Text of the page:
For the past few years, FDA has been considering measures to improve drug quality. The Agency’s efforts were reinforced in 2012 with the passage of the Food and Drug Administration Safety and Innovation Act, which allowed the agency to use performance measures, or quality metrics, “to assess a facility’s quality system to assure product quality.” In January 2015, after much anticipation, FDA launched the Office of Pharmaceutical Quality (OPQ) with the goal of “creating a drug quality program as robust as the programs the agency already has in place for drug safety and efficacy.”
Part of the goal of creating the new FDA Office is to oversee drug quality throughout a product’s lifecycle, rather than focusing on pre- and post-market review. Through its surveillance, FDA says OPQ will be able to help the Office of Regulatory Affairs (ORA) “prioritize inspections … to try to mitigate quality problems before they lead to a recall or the need for an enforcement action.” This, the Agency says, could prevent future problems, since “the majority of drug shortages stem from quality concerns.”
Originally, FDA had planned to release its guidance on quality metrics by the end of 2014, but delays eventually pushed back its release. Since its launch, OPQ has been tasked with reviewing all new drug applications—for new and generic products—for manufacturing quality, in parallel with FDA’s other review bodies. With the release of its new draft guidance, entitled “Request for Quality Metrics”, FDA is giving more details to industry on its approach to quality metrics, as well as asking industry for its input in specific areas that are still being considered.
At its basis, FDA plans to use its authority to collect records “in advance of or in lieu of” an inspection, under section 704(a)(4)(A) of the FD&C Act to gather various quality metrics data records. The Agency says it will use these records to “further develop [its] risk-based inspection scheduling.” For companies with robust quality metrics data, this information could be used to “reduce the inspection frequency at an establishment.” I n cases where the data raises issues, FDA says having the quality metrics data will allow it to “improve the efficiency and effectiveness” of the inspections. For now, the agency foresees its use of quality metrics to be used primarily for reducing inspection frequencies.
FDA says it will request the following 10 baseline quality metrics from companies as part of its analysis:
· The number of lots attempted of the product.
· The number of specification-related rejected lots of the product, rejected during or after manufacturing.
· The number of attempted lots pending disposition for more than 30 days.
· The number of out-of-specification (OOS) results for the product, including stability testing.
· The number of lot release and stability tests conducted for the product.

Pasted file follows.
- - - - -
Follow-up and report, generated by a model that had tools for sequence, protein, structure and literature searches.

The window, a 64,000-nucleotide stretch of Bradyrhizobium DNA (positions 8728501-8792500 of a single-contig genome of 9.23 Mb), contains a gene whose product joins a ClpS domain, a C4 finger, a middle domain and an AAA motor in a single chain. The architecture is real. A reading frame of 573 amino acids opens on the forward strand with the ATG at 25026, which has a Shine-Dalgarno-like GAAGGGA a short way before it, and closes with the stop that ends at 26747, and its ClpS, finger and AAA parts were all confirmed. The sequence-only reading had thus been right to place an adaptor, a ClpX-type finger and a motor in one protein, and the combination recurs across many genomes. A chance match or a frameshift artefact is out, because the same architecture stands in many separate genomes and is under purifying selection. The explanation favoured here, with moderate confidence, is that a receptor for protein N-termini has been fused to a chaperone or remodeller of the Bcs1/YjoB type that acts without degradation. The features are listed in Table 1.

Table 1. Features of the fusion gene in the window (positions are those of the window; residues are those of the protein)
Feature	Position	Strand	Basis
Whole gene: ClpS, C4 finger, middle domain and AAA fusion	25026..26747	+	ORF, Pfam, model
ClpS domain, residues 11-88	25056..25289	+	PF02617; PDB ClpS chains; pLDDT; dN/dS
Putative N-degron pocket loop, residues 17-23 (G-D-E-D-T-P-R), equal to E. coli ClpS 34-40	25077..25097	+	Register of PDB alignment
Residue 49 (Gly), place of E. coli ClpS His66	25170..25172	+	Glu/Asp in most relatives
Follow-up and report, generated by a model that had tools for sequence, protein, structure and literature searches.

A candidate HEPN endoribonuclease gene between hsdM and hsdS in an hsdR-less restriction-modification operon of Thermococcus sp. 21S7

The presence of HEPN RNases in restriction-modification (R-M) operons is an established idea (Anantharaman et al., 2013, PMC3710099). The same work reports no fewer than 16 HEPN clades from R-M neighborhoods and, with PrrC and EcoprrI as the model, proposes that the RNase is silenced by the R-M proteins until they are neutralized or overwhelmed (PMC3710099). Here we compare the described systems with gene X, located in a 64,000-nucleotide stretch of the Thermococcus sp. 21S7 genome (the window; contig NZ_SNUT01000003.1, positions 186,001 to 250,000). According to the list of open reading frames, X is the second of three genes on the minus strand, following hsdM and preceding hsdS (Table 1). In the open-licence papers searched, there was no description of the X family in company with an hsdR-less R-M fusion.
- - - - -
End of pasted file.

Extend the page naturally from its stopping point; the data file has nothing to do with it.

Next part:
· The number of OOS results for lot release and stability tests for the product which are invalidated due to lab error.
· The number of product quality complaints received for the product.
· The number of lots attempted which are released for distribution or for the next stage of manufacturing the product.
· If the associated annual product reviews (APRs) or product quality reviews (PQRs) were completed within 30 days of annual due date for the product.
· The number of APRs or PQRs required for the product.
The Agency is also asking for input on five “additional, optional metrics as evidence of manufacturing robustness and a commitment to quality.”
· Senior Management Engagement—Was each APR or PQR reviewed and approved by the following: (1) The head of the quality unit, (2) the head of the operations unit, (3) both, or (4) neither?
· Corrective Action and Preventive Action (CAPA) Effectiveness—What percentage of your corrective actions involved re-training of personnel (i.e., a root cause of the deviation is lack of adequate training)?
· Process Capability/Performance—A “yes” or “no” value of whether the establishment’s management calculated a process capability or performance index for each critical quality attribute as part of that product’s APR or PQR.
· Process Capability/Performance—A “yes” or “no” value of whether the establishment’s management has a policy of requiring a CAPA at some lower process capability or performance index.
· Process Capability/Performance—If “yes” to the previous question—What is the process capability or performance index that triggers a CAPA? If “no” to the previous question—please do not respond.
FDA was asking the public for comment on the draft guidance by 28 September 2015, and planned to hold a public meeting on the Guidance on 24 August 2015.
REFERENCE: RAPS; 28 JUL 2015; Michael Mezher